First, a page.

Oh, puppies. Those adorable little wet noses and cute wagging tails. And oh yeah, those razor-sharp teeth! Dogs’ baby teeth might be tiny, but they’re surprisingly strong. Puppies tend to explore the world through their mouths, tasting everything that comes their way (whether or not it’s edible) and playing with those little jaws wide open. While a little nip here and there from a puppy might not sound like a big deal, don’t forget that little puppy is going to grow up to be an adult dog. For your safety and for others, you do not want a dog that bites. What can you do to train your puppy to stop biting?
Biting is what puppies are used to; it’s how they play with their littermates and other puppies. However, you have human hands and feet, curtains, pant legs, and more, and you don’t want your puppy biting any of it.
Teething & Why Puppies Bite
Teething is a huge part of why puppies love to bite and chew. Like human babies, chewing soothes their discomfort. Once they’re around six months old, all their puppy teeth should be replaced by adult teeth. This will likely help reduce some of their biting, but it’ll still be important to train your puppy to stop biting. Just because your pup leaves his teething phase, it doesn’t mean he’ll also suddenly know that he shouldn’t play bite or chew on furniture.
You should also keep in mind that dogs and puppies usually use their mouths rather than their paws to manipulate objects and explore their surroundings. Puppies may also bite in order to get your attention or to release their energy if they’re not exercised enough.
Tips to Train Your Puppy to Stop Biting
Bite inhibition refers to a dog’s ability to control how hard he bites. Puppies usually learn how to control this by playing with other puppies. When puppies play, they bit each other all over, but if one of them bites too hard, his playmate will let out a yelp and stop playing. This startles the biting puppy and he’ll usually stop playing as well out of confusion. However, after this interaction, the puppies usually get back to playing and the puppy that bit the other will have a better understanding of how to play gently to avoid interruption.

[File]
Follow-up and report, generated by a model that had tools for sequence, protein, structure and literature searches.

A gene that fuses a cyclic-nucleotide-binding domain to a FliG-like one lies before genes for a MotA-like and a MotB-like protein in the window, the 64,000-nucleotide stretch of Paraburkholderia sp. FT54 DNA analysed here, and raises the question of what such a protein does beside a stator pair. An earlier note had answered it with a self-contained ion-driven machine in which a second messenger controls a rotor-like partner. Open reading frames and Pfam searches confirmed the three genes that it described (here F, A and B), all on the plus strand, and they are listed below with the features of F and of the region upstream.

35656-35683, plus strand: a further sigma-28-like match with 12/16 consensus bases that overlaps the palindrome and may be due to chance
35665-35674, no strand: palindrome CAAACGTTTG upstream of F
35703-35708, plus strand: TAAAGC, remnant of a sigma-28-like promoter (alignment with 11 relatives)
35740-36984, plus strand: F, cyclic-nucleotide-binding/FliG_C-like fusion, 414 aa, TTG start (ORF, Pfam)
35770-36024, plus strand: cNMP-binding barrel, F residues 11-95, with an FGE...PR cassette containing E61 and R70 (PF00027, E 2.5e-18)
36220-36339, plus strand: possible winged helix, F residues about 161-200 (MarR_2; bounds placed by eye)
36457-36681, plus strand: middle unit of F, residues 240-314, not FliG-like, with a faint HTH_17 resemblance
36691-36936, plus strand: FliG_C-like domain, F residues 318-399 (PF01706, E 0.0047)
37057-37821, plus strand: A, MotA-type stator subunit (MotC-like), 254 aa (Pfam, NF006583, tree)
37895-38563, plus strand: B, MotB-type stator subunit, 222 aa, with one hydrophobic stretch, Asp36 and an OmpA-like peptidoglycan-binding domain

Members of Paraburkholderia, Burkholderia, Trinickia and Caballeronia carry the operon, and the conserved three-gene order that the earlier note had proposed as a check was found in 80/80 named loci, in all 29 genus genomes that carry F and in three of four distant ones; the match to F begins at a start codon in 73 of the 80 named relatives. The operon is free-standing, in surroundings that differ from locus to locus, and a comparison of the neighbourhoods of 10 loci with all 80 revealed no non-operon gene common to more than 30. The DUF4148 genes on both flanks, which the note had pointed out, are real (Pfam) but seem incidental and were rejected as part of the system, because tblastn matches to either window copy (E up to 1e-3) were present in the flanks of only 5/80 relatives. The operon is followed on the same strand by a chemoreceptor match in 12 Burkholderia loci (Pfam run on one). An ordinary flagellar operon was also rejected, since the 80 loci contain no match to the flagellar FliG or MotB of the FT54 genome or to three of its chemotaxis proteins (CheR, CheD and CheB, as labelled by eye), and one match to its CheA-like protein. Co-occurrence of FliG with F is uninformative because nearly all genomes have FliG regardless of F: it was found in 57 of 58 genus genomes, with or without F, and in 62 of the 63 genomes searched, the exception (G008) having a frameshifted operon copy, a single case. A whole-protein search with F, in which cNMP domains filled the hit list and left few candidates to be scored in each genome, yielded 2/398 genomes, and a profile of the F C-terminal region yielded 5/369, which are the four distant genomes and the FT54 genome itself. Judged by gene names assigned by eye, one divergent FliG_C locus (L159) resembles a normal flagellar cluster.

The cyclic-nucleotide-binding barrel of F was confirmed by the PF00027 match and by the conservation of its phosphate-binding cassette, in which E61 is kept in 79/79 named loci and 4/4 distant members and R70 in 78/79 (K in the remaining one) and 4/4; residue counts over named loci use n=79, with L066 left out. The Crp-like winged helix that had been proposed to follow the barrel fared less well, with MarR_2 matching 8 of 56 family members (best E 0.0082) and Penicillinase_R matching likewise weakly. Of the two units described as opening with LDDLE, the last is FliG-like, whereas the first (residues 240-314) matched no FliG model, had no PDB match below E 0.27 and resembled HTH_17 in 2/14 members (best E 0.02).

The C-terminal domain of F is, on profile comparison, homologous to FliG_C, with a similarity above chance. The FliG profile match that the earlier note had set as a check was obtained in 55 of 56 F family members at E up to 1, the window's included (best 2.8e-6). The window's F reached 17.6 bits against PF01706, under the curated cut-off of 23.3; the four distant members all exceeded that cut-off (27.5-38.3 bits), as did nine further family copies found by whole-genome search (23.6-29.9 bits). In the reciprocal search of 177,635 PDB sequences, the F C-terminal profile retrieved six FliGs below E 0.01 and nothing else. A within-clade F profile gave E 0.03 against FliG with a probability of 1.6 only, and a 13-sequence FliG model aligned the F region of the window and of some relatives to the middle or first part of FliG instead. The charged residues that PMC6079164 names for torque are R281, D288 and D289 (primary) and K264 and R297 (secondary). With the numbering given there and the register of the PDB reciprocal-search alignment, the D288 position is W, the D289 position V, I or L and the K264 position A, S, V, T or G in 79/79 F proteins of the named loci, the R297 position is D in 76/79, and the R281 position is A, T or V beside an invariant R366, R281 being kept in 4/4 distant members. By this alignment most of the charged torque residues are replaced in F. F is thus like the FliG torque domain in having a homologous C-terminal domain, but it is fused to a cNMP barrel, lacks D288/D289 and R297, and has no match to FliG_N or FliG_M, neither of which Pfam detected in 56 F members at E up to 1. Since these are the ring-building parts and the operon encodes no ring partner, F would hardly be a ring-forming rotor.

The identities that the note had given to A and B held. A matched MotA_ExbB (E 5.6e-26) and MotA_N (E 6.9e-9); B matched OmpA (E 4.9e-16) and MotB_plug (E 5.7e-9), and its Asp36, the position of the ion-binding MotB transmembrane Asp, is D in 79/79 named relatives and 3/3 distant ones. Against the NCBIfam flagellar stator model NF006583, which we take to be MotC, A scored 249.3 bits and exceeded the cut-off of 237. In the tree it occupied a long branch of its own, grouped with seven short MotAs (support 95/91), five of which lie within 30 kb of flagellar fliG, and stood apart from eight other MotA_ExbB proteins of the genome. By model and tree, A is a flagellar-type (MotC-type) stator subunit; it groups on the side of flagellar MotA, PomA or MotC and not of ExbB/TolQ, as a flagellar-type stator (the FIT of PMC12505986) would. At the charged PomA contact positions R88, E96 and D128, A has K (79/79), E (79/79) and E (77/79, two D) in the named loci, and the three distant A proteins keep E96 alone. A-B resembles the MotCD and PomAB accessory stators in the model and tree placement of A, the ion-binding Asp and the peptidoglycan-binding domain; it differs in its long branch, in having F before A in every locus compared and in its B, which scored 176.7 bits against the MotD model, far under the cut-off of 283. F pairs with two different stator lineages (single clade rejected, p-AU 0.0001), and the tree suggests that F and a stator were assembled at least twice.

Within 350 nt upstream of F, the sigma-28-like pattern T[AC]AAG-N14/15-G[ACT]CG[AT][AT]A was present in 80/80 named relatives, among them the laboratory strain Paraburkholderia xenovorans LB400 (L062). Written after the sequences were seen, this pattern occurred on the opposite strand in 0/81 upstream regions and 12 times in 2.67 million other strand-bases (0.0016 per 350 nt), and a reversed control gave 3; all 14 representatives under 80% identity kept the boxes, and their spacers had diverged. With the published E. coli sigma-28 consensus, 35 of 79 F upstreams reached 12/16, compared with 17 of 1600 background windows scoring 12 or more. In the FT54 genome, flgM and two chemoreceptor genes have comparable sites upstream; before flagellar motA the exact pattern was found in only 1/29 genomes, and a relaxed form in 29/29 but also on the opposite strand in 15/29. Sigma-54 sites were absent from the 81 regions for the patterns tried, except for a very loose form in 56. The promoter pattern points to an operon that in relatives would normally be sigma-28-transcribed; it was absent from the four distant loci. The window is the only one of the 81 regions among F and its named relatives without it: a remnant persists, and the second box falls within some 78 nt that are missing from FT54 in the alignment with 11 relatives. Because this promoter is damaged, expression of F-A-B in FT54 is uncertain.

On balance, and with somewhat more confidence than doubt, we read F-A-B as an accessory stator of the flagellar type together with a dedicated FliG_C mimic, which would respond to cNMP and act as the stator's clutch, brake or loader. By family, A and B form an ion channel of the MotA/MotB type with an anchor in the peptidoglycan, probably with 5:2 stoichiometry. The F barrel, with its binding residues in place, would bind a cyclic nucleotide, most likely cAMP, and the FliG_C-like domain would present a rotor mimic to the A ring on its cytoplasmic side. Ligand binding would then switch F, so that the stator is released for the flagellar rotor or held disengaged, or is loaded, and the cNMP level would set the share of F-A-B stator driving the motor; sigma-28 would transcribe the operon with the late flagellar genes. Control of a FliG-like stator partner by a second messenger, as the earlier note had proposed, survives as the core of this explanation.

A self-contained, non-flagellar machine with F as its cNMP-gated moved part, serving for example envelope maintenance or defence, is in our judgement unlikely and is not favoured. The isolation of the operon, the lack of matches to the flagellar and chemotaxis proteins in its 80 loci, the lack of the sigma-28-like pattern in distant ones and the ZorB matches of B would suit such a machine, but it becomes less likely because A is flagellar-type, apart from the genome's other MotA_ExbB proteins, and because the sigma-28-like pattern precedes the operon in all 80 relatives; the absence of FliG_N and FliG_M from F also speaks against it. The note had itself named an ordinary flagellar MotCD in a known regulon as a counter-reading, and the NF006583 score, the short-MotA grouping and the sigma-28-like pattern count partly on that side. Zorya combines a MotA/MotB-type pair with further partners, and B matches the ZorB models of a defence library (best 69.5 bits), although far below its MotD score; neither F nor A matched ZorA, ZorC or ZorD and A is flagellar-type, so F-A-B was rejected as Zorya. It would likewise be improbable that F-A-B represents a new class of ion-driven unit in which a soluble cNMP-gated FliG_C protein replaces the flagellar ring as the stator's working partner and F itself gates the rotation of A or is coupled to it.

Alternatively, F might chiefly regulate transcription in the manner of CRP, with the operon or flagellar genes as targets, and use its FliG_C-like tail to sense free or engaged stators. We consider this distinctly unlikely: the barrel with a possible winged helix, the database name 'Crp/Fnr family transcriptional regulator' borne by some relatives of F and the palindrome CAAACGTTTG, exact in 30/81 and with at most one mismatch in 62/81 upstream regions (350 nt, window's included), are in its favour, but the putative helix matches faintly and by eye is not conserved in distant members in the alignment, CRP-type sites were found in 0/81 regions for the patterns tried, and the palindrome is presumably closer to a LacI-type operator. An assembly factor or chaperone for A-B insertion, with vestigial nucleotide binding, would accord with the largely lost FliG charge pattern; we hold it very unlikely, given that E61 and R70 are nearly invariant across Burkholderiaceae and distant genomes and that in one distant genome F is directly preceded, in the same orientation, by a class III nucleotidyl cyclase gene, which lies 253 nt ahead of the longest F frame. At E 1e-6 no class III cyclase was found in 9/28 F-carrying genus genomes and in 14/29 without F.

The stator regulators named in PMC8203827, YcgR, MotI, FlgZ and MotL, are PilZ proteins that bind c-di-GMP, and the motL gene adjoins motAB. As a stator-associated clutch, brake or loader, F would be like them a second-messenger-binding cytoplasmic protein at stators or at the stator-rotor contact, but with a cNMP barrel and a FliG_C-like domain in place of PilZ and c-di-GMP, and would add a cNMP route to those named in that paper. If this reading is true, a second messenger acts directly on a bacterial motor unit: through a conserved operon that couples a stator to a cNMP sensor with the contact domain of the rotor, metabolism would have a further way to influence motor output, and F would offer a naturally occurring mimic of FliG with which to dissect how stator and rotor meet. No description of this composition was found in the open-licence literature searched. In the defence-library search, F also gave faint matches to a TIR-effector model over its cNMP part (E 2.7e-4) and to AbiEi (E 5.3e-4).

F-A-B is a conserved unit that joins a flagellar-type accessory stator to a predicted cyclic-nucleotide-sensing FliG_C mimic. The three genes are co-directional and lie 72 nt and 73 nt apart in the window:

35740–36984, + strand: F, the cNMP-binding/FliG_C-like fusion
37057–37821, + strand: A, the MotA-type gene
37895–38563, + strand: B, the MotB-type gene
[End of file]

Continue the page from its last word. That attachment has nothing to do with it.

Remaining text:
This is the same lesson that you’ll be teaching your puppy. While playing, let your puppy bite your hands. When he bites too hard, yelp and let your hand go limp. This should cause him to stop playing for a moment. If he doesn’t stop playing, trying saying something in a stern voice to get his attention. If your puppy stops or if he licks you, praise his behavior and get back to playing, continuing this process. Don’t repeat this more than 3 times in a 15 minutes period, though.
If you don’t feel that yelping alone is enough to teach your puppy to be gentler when playing, you can also include a time out. Repeat the process of yelping and letting your hand go limp, but when your puppy stops playing and looks around, pull your hand away and ignore him for 10-20 seconds. After ignoring him for a bit, go back to him and encourage him to play with you again.
Your goal in using these methods is to teach your puppy that gentle play will go uninterrupted, but rough play means that playtime ends. Once he becomes more gentle, you can continue this process to train him to become even gentler. You want to train him so you feel little to no force when he bites you while playing.
In order to deter biting, you can try using a spray product to train your puppy to stop biting. There are a variety of sprays available that will make the objects your puppy loves to chew taste bad.
However, you can’t just spray your furniture or other items with the spray and let your dog chew. You should associate the smell of the spray with the taste so that eventually your dog will stay away from your furniture when he so much as smells the spray.
You can do this by spraying a tissue or cotton ball with the spray and letting your dog lick it. Once he spits it out, let him smell it so that he’ll associate the smell with the taste that he didn’t like.